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At the end of September we find Shivaji at the head of a great army raised for "some notable attempt against the Mughal." He also sewed 20,000 sacks of cotton for conveying the plunder he expected to seize! But on the dasahara day (early October), an auspicious time with the Hindus for setting out on campaigns, he sallied forth on a long expedition into Bijapuri territory, with 25,000 men, robbed many rich towns and then penetrated into Kanara, "to get more plunder in those rich towns to bear the expenses of his army". Early in December he reached Kadra (20 miles north-east of Karwar) with a division of 4,000 foot and 2,000 horse and stayed there for four days. The bulk of his forces occupied a hill near Hubli. But two severe defeats at the hands of Bahlol and Sharza Khan at Bankapur and Chandaguira (? Chandraguti) respectively forced him to evacuate Kanara quickly. (F.R. Surat 106, Bombay to Surat, 29th September and 10th October, Vol. 88, Karwar to Surat, 17th December, O.C. 3910, Fryer, II. Dutch Rec. 31, No. 805.)


Though Kanara had been freed from the Marathas, that province enjoyed no peace. Mian Sahib, the faujdar of Karwar (instigated it is said by Shiva), rebelled and Adil Shah had to conduct a long war before he could be suppressed. The two sides continued to have skirmishes with varying success. In February 1674 the royal troops captured Sunda, with the rebel's wife in it, but he held out obstinately in his other forts. By 22nd April this "long and tedious rebellion" was at last ended by the arrival of Abu Khan, Rustam-i-Zaman II., as the new viceroy. Mian Sahib's followers deserted him for lack of pay; his forts (Kadra, Karwar, Ankola and Shiveshwar) all surrendered without a blow, and he himself made peace on

1 The Portuguese Vida do...Sevagy (Lisbon, 1730), p. I, speaks of "grande lugar chamado Chandagara, do qual-tirou muita riqueza por assistirem &c." There is a Chandra-guti, 86 miles south-west of Bankapur. (Shimoga district, Mysore Gazetteer ii. 369.) Chandan-garh, 35 miles north-east of Satara, cannot be the place meant.

condition of his wife being released. Shivaji was then only a day's march from Karwar "going to build a castle upon a very high hill, from which he may very much annoy these parts." (F.R. Surat 88, Karwar to Surat, 14th February and 22nd April 1674. Orme, 35.)

Unlike his father, the new Rustam-i-Zaman did not cultivate friendship with the Marathas. In August 1674 he seized a rich merchant, subject of Shiva, living at Narsa (16 miles from Phonda), and the Maratha King prepared for retaliation, In October Rustam was summoned by Khawas Khan, the new wazir, to Bijapur; and, as he feared that his post would be given to another, he extorted forced loans from all the rich men of Karwar and its neighbourhood that he could lay hands on, before he went away. (F.R. Surat 88, Karwar to Surat, 2nd September and 27th October 1674.) In the beginning of September, "in Kudal about four hours [journey] from here [Vingurla], one of Shivaji's generals called Annaji came with 3,000 soldiers to surprise the fortress Phonda, but Mamet Khan who was there armed himself, so that the aforesaid pandit accomplished nothing." (Dutch Rec., Vol. 84, No. 841.)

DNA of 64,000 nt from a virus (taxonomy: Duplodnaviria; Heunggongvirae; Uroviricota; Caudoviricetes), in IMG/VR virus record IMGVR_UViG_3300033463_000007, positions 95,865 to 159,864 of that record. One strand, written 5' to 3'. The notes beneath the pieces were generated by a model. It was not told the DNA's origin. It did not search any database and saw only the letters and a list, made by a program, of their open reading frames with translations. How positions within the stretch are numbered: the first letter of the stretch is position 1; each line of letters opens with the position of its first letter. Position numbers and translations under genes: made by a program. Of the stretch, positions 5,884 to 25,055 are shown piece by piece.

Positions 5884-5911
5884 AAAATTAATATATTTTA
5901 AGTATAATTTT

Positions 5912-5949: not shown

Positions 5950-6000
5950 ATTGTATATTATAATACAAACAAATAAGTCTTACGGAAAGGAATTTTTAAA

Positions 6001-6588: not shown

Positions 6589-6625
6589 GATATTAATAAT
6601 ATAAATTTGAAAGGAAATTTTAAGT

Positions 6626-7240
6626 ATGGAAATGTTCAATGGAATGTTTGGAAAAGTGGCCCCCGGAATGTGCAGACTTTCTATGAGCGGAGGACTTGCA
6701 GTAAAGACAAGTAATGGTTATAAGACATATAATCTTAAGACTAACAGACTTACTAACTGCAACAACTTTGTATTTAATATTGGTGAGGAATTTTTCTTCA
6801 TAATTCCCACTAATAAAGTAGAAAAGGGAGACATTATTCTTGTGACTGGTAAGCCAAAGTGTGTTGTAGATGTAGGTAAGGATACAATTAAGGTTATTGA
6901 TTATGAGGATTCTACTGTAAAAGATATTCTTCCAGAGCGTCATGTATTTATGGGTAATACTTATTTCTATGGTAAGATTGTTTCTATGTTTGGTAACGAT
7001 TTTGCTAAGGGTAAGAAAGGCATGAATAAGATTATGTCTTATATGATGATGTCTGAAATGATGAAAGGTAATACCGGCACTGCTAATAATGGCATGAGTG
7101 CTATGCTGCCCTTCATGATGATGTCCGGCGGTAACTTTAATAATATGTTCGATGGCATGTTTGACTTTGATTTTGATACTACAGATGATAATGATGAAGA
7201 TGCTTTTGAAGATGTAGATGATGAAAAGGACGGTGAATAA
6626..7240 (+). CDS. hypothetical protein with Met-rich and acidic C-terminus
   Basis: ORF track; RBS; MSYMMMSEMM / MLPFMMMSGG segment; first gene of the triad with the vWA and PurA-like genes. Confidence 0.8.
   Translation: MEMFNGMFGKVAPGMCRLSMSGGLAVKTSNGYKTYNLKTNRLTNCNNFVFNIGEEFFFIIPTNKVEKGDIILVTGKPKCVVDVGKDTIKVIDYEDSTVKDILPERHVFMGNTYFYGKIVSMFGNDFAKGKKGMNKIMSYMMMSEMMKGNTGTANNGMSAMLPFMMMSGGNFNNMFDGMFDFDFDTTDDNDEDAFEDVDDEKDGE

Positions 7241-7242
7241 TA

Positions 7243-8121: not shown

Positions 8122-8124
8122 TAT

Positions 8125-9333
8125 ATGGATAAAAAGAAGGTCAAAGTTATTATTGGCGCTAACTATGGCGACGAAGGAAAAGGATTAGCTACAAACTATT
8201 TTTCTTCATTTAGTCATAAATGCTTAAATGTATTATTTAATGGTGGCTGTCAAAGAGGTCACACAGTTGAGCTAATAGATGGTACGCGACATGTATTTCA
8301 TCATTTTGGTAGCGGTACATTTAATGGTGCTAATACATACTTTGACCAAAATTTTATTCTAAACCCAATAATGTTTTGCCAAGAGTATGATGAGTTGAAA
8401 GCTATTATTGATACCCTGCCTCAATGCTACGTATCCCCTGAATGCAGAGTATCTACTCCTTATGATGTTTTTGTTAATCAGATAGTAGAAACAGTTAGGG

At Bijapur everything was in confusion; "the great Khans were at difference." The worthless wazir Khawas Khan was driven to hard straits by the Afghan faction in the State. Rustam-iZaman II. after his visit to the capital evidently lost his viceroyalty. This was Shivaji's opportunity and he conquered Kanara for good. First, he befooled the Mughal viceroy Bahadur Khan by sending him a pretended offer of peace, asking for the pardon of the Mughal Government through the Khan's mediation and promising to cede the imperial forts he had recently conquered as well as the twenty-three forts of his own that he had once before yielded in Jai Singh's time. By these insincere negotiations Shivaji for the time being averted the risk of a Mughal attack on his territory and began his invasion of Bijapuri Kanara 1 with composure of mind.


1 Invasion of Kanara and capture of Fhor da (167), F. R. Surat 88, Karwar to Sust, 14th and 22nd April, 8th and 25th May, Rajapur to Surat,



In March 1675 he got together an army of 15,000 cavalry, 14,000 infantry and 10,000 pioneers with pickaxes, crow-bars and hatchets, etc. Arriving at Rajapur ( 22nd March ), he spent three days there, ordering forty small ships to go to Vingurla with all speed and there wait for fresh commands. Next he marched to his town of Kudal, within a day's journey of Phonda, and early in April laid siege to the last named place.

The hill fort of Phonda commands one of the easiest passes leading from South Konkan into the Deccan plateau beyond the Western Ghats and establishing direct communication between Rajapur and Kolharpur. So convenient is its situation and so gentle its gradient, that it has now been made practicable for artillery, and in one year (1877) nearly fifty thousand carts from Rajapur crossed it on the way to the Deccan. Both Rajapur and the Kolharpur district being in his hands, it was necessary for Shivaji to secure direct connection between them by taking Phonda. While he was prosecuting the siege, another division of his army plundered Atgiri in Adil Shahi territory and two other large cities near Haidarabad, carrying away a great deal of riches, besides many rich persons held to ransom".